As with communication about HIV, there were a lot of half-truths and outright falsehoods doing the rounds. My mum had heard that the coronavirus was associated with the “strange” meats eaten by the Chinese—bats and other creatures in “wet markets” came up. It was also said that the Chinese had deliberately manufactured the virus with the intention of killing everyone (especially Africans) and taking over our continent to find a place for their ballooning population.
These conspiracy theories were actually competing with public health messages at the grassroots. When HIV first arrived it was discussed in hushed tones. Stories filtered in from Uganda where they had nicknamed the disease “slim” because of how it wasted those it afflicted. The cause was not clear, or possibly the connection to sexual intimacy made it uncomfortable to discuss the cause. HIV soon acquired local names—ayaki, mukingo, biitya, live-wire… all names that suggested devastation.
The association of HIV with promiscuity, prostitution and homosexuality soon followed. Those who were infected were pointed at and their supposed sins discussed in hushed tones. In Luoland, the term chira was used to explain the origin of the disease. Now, chira is an amorphous term used to describe an unending malady resulting from one having committed a grave taboo. Chira was not new, but in the past, an afflicted person would be given some manyasi—herbs—and the taboo would be managed. But Ayaki was unrelenting and soon people started dropping like flies. The combination of sexual transmission and death attached a stigma to HIV.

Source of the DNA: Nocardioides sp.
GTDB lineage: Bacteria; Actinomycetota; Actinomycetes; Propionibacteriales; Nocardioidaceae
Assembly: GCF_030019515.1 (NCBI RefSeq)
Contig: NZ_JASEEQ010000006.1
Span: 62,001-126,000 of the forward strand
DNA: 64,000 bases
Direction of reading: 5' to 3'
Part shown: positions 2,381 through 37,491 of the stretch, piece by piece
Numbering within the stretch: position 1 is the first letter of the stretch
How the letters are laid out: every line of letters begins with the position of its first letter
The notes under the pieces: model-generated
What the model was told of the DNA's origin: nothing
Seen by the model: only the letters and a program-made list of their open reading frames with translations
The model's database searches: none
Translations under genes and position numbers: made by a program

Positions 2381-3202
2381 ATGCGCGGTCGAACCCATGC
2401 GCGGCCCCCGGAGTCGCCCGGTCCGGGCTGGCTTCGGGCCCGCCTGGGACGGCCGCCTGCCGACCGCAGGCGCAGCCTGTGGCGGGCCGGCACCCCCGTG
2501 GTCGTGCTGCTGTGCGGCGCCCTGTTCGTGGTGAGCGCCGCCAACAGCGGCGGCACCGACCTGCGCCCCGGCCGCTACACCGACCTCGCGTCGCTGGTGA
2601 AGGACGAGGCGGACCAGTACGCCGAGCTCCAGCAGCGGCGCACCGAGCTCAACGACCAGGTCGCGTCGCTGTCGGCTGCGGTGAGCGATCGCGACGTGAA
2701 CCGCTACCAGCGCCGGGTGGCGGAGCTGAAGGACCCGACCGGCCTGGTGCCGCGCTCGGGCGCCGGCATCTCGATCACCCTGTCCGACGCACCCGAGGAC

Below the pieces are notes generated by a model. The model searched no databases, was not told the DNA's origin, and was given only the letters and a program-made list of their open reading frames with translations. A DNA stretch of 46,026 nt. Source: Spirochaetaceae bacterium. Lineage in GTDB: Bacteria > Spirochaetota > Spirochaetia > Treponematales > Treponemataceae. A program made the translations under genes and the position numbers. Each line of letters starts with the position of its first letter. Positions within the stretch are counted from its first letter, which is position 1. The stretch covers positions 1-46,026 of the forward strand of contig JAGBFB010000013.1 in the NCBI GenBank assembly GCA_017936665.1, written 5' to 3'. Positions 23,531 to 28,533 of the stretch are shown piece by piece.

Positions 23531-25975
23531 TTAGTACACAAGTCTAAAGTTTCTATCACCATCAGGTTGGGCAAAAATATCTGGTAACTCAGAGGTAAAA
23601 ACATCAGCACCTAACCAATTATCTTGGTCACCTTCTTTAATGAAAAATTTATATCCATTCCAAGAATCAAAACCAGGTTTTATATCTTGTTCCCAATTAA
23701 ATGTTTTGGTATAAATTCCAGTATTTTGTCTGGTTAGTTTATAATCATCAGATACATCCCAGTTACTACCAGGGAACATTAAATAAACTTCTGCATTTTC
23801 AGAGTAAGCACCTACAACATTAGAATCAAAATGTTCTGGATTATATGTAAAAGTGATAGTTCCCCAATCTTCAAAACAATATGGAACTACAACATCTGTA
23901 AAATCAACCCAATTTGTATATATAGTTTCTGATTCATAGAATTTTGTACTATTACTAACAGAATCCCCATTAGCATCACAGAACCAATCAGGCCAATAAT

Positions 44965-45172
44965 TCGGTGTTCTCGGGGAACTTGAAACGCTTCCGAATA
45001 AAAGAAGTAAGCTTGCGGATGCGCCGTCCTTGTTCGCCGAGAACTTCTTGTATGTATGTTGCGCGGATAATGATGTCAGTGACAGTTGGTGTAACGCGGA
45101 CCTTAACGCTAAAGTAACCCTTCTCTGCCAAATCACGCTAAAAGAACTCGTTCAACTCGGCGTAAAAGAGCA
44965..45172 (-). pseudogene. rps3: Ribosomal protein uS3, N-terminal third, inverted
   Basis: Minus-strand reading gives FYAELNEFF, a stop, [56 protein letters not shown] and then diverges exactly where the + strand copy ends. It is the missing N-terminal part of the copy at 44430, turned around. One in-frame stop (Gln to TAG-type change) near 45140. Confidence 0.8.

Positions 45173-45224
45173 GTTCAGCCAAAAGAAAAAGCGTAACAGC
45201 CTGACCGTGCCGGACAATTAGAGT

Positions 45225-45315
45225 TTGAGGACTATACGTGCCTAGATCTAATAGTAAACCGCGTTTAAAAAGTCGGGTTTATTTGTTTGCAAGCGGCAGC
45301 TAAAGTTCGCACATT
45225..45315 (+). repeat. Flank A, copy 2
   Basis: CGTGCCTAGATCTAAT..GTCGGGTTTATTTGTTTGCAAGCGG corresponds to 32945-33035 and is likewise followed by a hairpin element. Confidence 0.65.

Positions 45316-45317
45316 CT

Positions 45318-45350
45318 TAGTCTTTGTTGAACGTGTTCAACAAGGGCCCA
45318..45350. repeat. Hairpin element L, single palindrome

In the early days, the bodies of those who succumbed to AIDS-related illnesses were wrapped in hideous- black polythene bags and a closed-casket funeral was held. Relatives were not allowed to hold wakes; burials were conducted quickly and funeral gatherings were forbidden. Those who survived the deceased were stigmatised and shunned. Before dying, those who were HIV-positive endured being shunned, discriminated against and condemned. Parents refused to allow their children to be taught by HIV-positive teachers, landlords drove HIV-positive people from their houses and those selling goods would discriminate against any known HIV-positive individual.